Jesus, radiant glory of God, I confess that I have made little of Your sacrifice for me, Your stepping down from Your throne for me, Your putting on of flesh for me. I have thought myself worthy, even deserving of Your salvation, or have found myself too sinful to be saved by You. Both claims are foolishness; I have both placed myself above You or considered You weak in the presence of my sin, though the grave itself could not hold You and You now sit at the "Right Hand of the Throne of Majesty", far above all rule and authority and power and dominion.

Holy Spirit of wisdom and truth, I confess that in my pride I have ignored Your convictions and Your truths that You have graciously given. I have forsaken Your teaching, thinking myself wiser than You, the very Spirit of The Lord of Hosts.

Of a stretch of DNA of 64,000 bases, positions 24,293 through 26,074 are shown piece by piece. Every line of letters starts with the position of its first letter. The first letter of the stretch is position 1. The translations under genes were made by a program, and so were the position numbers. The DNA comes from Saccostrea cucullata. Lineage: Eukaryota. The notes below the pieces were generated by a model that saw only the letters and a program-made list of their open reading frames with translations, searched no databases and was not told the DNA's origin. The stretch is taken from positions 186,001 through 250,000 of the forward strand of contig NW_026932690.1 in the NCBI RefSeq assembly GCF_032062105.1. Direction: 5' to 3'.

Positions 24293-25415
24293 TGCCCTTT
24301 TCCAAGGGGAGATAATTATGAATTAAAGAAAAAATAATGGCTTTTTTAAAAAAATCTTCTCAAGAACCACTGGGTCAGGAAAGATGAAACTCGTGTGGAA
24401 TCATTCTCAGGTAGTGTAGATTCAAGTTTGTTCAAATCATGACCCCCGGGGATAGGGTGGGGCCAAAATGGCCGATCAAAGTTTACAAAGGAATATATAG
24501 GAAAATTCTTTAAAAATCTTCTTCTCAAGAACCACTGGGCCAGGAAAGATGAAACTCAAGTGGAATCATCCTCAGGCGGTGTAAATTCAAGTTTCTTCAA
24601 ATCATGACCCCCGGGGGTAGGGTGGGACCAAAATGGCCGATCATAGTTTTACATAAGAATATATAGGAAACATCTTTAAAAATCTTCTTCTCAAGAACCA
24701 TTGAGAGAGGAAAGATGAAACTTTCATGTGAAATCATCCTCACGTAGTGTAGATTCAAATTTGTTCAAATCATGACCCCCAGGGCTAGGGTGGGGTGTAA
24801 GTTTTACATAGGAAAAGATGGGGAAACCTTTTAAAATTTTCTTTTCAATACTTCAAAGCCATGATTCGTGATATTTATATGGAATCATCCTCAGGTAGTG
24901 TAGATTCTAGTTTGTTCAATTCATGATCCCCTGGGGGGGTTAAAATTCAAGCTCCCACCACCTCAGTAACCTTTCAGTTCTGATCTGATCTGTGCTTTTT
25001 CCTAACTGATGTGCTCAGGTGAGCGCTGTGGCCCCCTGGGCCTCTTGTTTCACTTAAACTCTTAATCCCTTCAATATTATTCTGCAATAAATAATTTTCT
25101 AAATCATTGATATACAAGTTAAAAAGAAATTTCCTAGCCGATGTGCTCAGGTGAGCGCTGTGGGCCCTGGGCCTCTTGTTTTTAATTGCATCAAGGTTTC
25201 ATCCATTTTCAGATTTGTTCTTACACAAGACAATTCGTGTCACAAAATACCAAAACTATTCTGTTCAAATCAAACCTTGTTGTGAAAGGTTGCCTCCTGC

Triune God, I thank You and praise You, for You are faithful and just to forgive our sins and to cleanse us of all our wickedness when we confess them to You. I praise Your glorious majesty and Your unchanging greatness.

Oh God, I ask and submit all these things before You in the Name of Jesus Christ. Amen.


Posted by Travis Lowe

The Work of The People

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“You are what you eat” is a phrase that is relatively common in our day and age. Of course, we all have a sense of what it means: what you choose to consume is ultimately going to determine what sort of body you have. If it’s a steady diet of cheeseburgers, then you should expect cholesterol that corresponds with that.